Everybody has been talking about the iPhone since Steve Jobs made the announcement at MacWorld last week, and there is no shortage of opinions about the innovative new phone from Apple. If you follow the talk about the iPhone on the web you will find as many articles about the perceived shortcomings of the iPhone as you will about the cool new features of the phone. Even Kevin Tofel has chimed in about the gaps in the iPhone. The buzz about the good:
- cool new UI
- the multi-touch interface
- full-screen touchscreen
- 8 GB storage space for iTunes music and video
- how cool the iPhone looks.
On the negative side, people are slamming:
- potential poor battery life
- lack of number keys for dialing
- lack of Exchange Server syncing for business users
- people will not like using a touchscreen exclusively on a phone
- no 3G, at least initially
- it’s a closed device
- uses the same DRM as the iPod.
We can talk up the iPhone, both good and bad points, all we want but it won’t make one whit of difference. Why? Because Apple knows marketing and they’ve done it again, just like they did with the iPod. They understand that in the consumer electronics market the technical details take second place to the cool factor. Apple knows they will sell millions of iPhones based on the cool factor, and they will sell them to the same consumers who snap up iPods every time a new one is released. I’ll bet that just about every consumer who has owned more than one iPod will grab the iPhone as soon as it’s on the market, just because it’s cool and different. Apple knows you don’t have to be the best technically, as long as consumers want your cool factor, and the iPhone has it in spades. Apple knows this and they are already defending the cool factor. A Windows Mobile skin that copies the iPhone interface in looks only has already been pulled off the web as a result of a cease and desist letter from Apple. A Palm skin just released will see the same fate before the week is out. Apple knows what they have here and they have already shown they will defend it just as vigorously as they do the iPod. They understand consumer electronics as well as anyone, and they understand their market.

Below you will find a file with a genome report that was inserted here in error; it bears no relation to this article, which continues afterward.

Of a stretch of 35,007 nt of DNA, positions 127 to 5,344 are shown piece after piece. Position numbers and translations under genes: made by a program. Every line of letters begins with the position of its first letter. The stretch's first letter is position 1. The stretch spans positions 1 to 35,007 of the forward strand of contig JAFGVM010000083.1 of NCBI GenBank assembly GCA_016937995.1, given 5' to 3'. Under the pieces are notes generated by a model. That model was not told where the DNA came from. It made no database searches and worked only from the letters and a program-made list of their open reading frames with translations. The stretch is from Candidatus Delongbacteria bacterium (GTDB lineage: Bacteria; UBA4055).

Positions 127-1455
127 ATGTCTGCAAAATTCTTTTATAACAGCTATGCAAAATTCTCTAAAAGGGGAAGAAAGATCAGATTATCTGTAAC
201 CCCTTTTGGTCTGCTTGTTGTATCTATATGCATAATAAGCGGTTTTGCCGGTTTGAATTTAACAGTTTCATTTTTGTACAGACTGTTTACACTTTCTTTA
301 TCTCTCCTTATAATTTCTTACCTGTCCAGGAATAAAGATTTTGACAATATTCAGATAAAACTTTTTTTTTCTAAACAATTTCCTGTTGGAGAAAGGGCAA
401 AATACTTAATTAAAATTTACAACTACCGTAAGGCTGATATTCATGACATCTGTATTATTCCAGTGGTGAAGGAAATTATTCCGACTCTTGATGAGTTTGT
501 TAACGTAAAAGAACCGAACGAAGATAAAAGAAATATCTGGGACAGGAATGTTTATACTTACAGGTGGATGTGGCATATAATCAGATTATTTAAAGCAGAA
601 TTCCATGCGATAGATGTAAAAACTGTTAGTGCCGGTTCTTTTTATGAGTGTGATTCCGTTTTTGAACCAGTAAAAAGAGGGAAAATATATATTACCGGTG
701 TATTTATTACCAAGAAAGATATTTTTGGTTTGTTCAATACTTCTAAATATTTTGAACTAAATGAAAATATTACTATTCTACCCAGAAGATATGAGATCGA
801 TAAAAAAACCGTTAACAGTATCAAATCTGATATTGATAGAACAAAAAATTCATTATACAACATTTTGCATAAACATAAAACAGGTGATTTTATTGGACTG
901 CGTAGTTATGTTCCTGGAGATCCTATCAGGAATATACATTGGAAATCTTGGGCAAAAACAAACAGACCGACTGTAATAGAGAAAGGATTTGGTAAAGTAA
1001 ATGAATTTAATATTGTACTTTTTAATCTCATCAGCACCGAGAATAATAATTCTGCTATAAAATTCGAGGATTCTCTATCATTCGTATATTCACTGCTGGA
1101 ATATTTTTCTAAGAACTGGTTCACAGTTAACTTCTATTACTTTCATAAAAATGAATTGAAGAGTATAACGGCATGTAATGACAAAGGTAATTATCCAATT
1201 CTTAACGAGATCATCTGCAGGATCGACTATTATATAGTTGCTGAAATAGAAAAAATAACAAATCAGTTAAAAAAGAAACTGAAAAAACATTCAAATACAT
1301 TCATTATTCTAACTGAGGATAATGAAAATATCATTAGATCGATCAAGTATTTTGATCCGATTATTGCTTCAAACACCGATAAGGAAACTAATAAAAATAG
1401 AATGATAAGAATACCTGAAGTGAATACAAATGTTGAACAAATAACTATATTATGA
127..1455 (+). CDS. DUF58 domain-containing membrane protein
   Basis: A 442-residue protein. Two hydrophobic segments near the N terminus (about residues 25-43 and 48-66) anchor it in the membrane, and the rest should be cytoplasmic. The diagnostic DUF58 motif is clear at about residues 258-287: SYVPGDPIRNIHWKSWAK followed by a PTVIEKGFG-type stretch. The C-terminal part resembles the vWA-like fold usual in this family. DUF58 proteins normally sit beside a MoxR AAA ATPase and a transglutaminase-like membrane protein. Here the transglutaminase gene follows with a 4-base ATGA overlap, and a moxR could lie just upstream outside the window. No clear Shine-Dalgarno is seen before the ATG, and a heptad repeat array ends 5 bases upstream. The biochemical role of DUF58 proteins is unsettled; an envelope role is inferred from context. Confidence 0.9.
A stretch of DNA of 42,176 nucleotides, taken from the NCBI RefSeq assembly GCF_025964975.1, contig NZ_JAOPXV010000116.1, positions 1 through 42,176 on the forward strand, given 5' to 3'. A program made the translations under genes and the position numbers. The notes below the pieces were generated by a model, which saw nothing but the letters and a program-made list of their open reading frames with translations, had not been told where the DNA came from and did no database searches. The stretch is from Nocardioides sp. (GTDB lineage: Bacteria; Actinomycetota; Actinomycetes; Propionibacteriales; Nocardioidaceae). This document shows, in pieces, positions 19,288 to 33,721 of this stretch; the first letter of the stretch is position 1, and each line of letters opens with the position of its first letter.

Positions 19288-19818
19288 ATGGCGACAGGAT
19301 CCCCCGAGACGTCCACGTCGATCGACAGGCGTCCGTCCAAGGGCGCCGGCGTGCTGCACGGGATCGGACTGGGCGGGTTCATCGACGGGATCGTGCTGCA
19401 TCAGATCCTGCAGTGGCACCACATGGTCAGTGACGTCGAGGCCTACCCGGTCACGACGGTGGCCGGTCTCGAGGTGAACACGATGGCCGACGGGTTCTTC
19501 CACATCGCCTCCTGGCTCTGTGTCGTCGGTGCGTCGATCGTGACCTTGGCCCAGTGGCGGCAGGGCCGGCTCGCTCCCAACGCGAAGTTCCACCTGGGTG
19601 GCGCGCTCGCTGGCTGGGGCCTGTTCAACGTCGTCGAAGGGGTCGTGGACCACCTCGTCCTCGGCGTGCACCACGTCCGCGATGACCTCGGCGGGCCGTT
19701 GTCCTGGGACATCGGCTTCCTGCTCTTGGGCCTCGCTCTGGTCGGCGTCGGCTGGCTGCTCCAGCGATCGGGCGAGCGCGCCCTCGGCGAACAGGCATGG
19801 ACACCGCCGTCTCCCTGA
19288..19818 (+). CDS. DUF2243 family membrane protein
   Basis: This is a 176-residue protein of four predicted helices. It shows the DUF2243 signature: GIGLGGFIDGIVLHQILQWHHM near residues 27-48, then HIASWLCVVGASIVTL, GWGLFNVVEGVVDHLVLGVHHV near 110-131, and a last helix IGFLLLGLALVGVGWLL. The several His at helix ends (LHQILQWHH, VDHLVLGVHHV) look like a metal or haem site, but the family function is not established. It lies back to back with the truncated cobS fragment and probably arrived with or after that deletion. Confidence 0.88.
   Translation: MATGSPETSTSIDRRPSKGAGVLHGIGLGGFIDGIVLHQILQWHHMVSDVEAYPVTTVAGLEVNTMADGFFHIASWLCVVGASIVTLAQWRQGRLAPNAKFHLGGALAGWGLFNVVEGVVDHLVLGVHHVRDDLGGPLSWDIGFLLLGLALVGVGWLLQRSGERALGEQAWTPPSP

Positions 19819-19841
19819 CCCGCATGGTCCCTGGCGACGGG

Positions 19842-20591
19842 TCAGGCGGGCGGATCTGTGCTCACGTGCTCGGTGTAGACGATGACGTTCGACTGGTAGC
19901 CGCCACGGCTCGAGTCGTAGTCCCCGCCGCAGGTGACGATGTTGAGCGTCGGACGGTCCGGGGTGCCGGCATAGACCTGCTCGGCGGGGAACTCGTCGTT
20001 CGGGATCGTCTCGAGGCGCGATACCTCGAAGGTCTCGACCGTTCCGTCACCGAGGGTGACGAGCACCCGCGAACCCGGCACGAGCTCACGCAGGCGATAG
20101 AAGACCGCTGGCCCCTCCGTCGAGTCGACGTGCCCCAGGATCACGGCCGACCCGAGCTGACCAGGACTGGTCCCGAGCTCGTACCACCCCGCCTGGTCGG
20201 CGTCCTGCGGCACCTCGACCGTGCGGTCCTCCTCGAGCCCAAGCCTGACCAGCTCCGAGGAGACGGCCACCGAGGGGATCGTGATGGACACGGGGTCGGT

You can point out the perceived shortcomings of the iPhone all you want, but it won’t make any difference nor will it impact sales numbers. Apple will sell millions of the iPhones before the year is out, even if the first batch catches fire when you turn it on (is Sony making the batteries?). Pre-order numbers are about to explode, as soon as they start being published you’ll see. Apple will sell more iPhones in pre-orders in the first month than Microsoft has sold Zunes since its launch. Remember where you heard that.